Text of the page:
Consumer goods have been expropriated by the people. The next stage is the expropriation of the means of production — the fields, factories and workshops — by workplace assemblies. They must be placed under workers’ self-management and federations of workers’ assemblies created (to co-ordinate struggle and self-managed production). Any attempt to nationalise them (as the Leninists propose) must be opposed in favour of socialisation — replacing private capitalism with state capitalism is no solution. Only socialisation under workers’ self-management will see capitalism ended.
An awareness of this need is developing. At the Zanón congress, a 22 year old worker from the plant stated that the each centimetre of the plant, each tile that was piled within the long corridors stood for “the millions that we produced, and everything that the province gave to Zanón, and now that Zanón doesn’t want to be responsible for it, it’s going to be ours.” That perspective has to be generalised and turned from a defensive strategy to an offensive one.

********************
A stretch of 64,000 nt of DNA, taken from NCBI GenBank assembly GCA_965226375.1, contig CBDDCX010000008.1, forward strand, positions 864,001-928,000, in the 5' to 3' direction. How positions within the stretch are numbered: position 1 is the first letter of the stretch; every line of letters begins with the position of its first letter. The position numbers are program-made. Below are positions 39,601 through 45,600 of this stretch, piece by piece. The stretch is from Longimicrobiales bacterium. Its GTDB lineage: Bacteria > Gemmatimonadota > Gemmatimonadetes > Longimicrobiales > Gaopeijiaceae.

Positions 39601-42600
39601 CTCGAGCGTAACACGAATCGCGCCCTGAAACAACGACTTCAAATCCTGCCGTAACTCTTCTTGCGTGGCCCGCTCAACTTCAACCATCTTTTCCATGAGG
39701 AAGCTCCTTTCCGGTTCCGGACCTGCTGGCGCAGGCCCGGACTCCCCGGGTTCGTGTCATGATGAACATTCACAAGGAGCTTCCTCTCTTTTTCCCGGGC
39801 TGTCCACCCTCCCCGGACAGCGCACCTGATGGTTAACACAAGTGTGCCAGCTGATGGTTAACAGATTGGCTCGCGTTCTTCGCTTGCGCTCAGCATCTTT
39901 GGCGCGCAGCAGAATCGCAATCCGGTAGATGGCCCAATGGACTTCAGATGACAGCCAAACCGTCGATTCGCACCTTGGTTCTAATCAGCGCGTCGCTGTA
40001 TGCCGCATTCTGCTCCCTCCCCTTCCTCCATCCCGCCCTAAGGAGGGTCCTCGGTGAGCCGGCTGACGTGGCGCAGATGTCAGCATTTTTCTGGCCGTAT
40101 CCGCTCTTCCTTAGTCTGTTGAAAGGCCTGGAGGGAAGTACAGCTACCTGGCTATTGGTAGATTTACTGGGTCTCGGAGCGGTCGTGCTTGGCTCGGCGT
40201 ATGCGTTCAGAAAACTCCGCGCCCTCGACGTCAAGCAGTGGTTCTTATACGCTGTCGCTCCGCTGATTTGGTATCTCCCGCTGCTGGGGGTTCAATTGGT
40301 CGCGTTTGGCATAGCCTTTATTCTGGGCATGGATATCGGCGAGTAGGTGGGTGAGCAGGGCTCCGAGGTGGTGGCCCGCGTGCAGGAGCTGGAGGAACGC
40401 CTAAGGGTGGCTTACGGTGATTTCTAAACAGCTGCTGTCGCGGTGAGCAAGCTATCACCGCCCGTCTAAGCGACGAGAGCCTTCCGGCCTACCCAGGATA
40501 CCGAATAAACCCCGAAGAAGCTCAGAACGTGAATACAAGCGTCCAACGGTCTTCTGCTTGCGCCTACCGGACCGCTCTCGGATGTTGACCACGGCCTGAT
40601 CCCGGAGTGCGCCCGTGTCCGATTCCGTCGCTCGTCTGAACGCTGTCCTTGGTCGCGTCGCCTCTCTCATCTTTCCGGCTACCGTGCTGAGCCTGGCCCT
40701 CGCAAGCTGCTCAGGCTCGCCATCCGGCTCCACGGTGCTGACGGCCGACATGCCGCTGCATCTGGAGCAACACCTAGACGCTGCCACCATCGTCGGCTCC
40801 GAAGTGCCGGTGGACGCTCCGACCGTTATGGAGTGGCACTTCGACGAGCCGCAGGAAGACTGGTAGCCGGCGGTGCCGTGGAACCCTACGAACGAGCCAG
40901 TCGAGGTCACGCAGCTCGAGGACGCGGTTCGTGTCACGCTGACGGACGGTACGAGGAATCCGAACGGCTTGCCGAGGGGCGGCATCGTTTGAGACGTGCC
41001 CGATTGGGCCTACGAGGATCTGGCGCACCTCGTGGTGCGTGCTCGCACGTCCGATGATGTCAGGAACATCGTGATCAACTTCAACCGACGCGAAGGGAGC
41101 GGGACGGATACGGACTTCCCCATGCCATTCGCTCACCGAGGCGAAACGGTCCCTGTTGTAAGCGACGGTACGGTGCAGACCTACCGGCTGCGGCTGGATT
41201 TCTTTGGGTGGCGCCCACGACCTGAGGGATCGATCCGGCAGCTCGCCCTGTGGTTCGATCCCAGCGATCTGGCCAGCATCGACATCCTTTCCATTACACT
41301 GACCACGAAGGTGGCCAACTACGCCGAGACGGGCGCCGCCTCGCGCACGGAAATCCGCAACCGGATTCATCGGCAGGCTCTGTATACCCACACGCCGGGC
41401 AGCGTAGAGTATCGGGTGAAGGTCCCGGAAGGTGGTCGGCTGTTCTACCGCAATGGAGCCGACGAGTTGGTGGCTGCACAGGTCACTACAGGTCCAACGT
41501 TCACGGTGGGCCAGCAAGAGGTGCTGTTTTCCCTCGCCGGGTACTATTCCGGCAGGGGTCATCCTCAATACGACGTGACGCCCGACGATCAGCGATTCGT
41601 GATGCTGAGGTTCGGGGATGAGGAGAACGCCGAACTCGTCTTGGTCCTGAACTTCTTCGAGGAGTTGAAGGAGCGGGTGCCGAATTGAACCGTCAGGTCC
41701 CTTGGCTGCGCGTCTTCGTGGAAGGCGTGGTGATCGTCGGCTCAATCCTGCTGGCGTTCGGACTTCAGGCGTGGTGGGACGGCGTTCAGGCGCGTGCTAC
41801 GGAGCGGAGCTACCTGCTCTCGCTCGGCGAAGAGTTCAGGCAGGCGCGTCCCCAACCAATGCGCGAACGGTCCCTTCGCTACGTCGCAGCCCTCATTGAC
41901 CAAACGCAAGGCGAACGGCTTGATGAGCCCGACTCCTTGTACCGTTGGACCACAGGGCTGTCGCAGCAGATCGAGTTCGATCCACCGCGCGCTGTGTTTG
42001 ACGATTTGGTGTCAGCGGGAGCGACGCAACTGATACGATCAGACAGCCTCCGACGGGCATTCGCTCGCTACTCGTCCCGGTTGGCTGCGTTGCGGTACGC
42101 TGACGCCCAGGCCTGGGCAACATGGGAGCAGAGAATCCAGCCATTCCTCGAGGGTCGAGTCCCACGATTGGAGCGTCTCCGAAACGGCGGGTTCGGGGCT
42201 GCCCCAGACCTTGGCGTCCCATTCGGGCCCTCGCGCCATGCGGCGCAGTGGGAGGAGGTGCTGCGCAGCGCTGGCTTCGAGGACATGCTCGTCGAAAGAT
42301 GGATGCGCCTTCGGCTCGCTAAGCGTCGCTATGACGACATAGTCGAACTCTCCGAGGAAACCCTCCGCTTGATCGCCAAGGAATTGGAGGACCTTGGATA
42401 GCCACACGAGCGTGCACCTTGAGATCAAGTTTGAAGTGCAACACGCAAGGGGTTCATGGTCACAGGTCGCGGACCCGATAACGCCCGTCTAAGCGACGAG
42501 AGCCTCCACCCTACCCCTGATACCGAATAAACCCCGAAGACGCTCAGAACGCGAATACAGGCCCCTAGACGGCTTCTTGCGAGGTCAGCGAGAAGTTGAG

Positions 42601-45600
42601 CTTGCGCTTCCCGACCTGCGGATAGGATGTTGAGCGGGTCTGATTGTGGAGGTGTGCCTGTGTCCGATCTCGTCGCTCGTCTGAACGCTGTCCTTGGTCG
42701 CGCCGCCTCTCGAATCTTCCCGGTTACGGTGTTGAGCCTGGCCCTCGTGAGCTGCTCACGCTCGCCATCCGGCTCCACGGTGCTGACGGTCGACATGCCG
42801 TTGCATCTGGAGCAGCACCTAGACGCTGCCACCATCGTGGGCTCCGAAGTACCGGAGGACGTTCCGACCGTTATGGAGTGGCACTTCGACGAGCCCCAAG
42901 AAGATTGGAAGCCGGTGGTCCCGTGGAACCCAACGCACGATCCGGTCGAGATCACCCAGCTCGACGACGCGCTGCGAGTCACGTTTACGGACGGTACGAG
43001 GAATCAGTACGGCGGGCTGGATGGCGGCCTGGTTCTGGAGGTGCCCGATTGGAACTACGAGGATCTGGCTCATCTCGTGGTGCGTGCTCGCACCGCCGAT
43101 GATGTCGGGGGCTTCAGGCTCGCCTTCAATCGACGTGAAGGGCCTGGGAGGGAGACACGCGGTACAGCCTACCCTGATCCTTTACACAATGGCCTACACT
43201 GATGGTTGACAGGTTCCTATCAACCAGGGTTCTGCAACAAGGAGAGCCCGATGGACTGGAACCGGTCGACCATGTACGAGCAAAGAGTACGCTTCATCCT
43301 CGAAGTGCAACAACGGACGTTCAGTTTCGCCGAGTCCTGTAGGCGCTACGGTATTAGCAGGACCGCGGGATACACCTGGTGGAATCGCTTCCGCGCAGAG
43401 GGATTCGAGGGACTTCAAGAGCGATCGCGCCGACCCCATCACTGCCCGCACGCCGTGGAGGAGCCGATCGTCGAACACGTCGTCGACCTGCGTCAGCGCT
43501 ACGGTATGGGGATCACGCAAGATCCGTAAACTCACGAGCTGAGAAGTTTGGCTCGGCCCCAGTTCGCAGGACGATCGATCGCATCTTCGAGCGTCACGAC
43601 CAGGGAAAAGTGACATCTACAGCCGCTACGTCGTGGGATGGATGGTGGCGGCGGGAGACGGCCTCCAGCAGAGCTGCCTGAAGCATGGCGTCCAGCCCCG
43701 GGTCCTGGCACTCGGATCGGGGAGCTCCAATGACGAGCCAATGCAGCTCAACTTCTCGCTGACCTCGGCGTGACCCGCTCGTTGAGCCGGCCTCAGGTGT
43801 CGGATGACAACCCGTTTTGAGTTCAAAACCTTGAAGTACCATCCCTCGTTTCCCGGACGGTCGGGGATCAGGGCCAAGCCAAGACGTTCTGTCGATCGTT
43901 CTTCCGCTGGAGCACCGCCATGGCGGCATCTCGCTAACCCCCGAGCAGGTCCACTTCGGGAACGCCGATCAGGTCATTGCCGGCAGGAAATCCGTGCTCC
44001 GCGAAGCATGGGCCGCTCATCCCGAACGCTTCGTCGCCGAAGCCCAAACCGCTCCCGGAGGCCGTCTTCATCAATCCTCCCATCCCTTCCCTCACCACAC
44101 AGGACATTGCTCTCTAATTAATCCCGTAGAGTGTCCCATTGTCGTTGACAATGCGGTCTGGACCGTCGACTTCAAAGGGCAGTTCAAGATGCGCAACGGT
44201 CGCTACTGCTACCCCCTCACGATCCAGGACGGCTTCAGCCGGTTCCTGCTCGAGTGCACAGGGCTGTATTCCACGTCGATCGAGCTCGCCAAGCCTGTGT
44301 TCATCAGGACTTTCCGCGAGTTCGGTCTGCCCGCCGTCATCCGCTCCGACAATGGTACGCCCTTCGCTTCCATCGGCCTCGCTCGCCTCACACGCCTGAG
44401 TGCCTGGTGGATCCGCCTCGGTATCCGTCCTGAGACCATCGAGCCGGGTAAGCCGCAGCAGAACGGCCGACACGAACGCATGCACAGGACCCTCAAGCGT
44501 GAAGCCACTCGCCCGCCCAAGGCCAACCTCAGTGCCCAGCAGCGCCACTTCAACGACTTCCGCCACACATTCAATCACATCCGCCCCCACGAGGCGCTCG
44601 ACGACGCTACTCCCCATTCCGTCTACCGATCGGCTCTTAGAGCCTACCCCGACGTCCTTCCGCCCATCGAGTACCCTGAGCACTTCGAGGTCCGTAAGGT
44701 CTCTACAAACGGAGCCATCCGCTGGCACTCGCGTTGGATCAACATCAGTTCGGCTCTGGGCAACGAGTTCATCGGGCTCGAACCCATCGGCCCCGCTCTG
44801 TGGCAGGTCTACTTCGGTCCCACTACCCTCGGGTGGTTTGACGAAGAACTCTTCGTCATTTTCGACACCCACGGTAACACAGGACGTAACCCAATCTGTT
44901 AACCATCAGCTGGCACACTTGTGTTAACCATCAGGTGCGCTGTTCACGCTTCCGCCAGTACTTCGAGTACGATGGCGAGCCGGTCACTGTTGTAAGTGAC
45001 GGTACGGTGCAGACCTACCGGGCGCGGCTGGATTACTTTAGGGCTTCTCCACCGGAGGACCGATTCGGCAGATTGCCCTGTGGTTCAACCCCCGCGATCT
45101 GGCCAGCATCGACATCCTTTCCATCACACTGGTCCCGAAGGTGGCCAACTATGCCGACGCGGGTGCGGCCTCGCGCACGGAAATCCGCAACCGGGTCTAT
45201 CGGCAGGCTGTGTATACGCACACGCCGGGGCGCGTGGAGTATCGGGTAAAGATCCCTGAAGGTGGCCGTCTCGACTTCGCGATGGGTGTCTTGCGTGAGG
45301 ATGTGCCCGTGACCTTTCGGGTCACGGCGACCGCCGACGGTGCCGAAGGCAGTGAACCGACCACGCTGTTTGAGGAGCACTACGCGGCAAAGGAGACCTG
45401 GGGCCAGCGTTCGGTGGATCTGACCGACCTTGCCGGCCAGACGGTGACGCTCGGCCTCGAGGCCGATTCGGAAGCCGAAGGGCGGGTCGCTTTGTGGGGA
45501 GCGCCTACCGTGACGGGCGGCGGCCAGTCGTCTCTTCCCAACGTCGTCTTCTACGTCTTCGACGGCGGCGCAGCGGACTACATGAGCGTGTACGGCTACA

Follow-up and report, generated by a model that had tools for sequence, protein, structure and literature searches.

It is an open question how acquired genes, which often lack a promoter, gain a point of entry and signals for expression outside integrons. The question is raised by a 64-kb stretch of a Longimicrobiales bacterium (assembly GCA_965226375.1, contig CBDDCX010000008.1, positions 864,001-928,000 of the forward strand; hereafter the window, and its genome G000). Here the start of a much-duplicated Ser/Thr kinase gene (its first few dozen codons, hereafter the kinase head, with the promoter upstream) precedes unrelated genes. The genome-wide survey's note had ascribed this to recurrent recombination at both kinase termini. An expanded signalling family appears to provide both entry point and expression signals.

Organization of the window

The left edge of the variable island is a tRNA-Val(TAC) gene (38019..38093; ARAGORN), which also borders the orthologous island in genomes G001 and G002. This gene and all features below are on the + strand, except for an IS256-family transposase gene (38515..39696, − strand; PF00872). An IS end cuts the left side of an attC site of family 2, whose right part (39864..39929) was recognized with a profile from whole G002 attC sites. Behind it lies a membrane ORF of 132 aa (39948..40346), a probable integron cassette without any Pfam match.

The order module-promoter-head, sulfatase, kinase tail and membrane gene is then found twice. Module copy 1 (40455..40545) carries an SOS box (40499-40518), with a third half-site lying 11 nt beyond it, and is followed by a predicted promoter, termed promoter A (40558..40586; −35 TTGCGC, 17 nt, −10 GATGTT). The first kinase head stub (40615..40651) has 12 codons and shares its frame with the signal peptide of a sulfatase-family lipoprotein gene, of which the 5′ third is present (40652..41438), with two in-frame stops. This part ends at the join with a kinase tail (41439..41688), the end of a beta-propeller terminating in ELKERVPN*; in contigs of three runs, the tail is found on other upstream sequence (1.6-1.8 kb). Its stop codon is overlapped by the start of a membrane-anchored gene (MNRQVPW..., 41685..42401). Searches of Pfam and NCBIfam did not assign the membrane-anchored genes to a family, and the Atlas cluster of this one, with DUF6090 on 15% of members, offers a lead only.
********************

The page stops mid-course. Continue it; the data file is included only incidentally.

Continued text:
The building of federations between the community and workplace assemblies is essential. This is for three reasons. Firstly, to build working class power to resist and finally overthrow the current system by combining economic and social self-organisation. The assemblies and their federations must have the real power to ensure they become expressions of the will of the working class and to provide a framework by which collective decisions, direct action, solidarity and self-defence can be organised. Secondly, to aid the creation and distribution of goods. A step in this direction would be the community assemblies setting up consumer co-operatives to facilitate the distribution of goods and their encouragement and support of workers expropriating their workplaces. Thirdly, to create a possible framework in which to socialise the means of life and place them under true common ownership and control.